But Groh points out the four corners can gang up against each other more readily than sacrifice jointly. Wealthy income tax opponents team up with education advocates to go after the dividend. Some legislators court oil industry support and pander to dividend recipients to call for cutting services.

On the other hand, sometimes Alaskans do pitch in together. Groh himself volunteers endlessly. When we talked Tuesday, he was spending hours preparing to talk at a 7 a.m. club meeting at a Denny's.

When I asked why he does this work, Groh spoke proudly of his father, who had the same name and was also an attorney, and who helped lead the statehood movement, served on the Anchorage School Board and borough Assembly and in the state Senate.

As a college student, Groh subscribed to both Anchorage daily newspapers by mail. When he came home, he worked as a legislative staffer helping write the 1982 law that gives us the dividend today.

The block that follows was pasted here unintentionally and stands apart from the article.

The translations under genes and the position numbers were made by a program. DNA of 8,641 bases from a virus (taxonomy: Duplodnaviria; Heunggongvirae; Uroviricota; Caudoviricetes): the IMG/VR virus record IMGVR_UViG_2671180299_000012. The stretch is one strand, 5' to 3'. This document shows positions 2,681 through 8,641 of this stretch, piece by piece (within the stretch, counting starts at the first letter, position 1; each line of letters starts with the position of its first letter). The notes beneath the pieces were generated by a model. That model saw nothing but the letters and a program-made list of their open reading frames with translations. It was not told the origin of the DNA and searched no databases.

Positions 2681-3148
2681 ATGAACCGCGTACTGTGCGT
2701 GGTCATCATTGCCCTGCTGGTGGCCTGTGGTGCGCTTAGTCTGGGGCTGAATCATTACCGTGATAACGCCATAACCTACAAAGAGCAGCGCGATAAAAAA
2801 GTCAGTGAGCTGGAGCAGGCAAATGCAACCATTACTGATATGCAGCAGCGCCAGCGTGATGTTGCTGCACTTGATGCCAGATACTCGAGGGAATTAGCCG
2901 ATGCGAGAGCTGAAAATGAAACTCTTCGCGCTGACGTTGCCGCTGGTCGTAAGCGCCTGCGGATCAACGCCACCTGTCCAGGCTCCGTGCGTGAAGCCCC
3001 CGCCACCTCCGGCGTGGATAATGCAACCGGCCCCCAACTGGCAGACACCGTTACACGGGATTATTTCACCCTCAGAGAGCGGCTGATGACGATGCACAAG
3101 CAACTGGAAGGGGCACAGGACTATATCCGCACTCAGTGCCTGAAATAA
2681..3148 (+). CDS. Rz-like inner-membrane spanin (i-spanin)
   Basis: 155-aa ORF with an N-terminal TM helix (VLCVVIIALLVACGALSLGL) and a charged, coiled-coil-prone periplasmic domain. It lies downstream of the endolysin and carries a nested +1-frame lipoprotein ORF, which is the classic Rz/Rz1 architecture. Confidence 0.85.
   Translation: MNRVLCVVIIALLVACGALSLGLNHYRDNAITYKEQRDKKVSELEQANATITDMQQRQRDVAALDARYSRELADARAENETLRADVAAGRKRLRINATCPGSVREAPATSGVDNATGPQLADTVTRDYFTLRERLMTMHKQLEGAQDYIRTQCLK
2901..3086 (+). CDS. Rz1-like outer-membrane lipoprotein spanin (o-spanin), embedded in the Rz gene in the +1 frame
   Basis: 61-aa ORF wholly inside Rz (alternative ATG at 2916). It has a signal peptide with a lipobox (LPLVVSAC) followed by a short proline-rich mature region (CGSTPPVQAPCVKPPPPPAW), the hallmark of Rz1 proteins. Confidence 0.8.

He is a good citizen himself, but the Groh Square illustrates how we respond to our fears. To save our own money or benefits, we're usually happy to cut or tax someone else.

"There's a lot of that going on, in terms of people responding to emotions, their gut responses and their fears," Groh said. "But I always have hopes or I wouldn't keep trying. And I wouldn't have tried so hard over the decades to help people understand really what the facts are, and what the choices are, and have them understand the big picture, and the important details, in terms of what their futures could be like."

Charles Wohlforth's column appears three times weekly. He is the author of more than 10 books, including as-told-to autobiographies of Walter Hickel, Vic Fischer and Dave Rose. Rose's book, which covers the history of the Permanent Fund, is titled "Saving for the Future." Email Wohlforth at cwohlforth@alaskadispatch.com.

The views expressed here are the writer's own and are not necessarily endorsed by Alaska Dispatch News, which welcomes a broad range of viewpoints. To submit a piece for consideration, email commentary@alaskadispatch.com.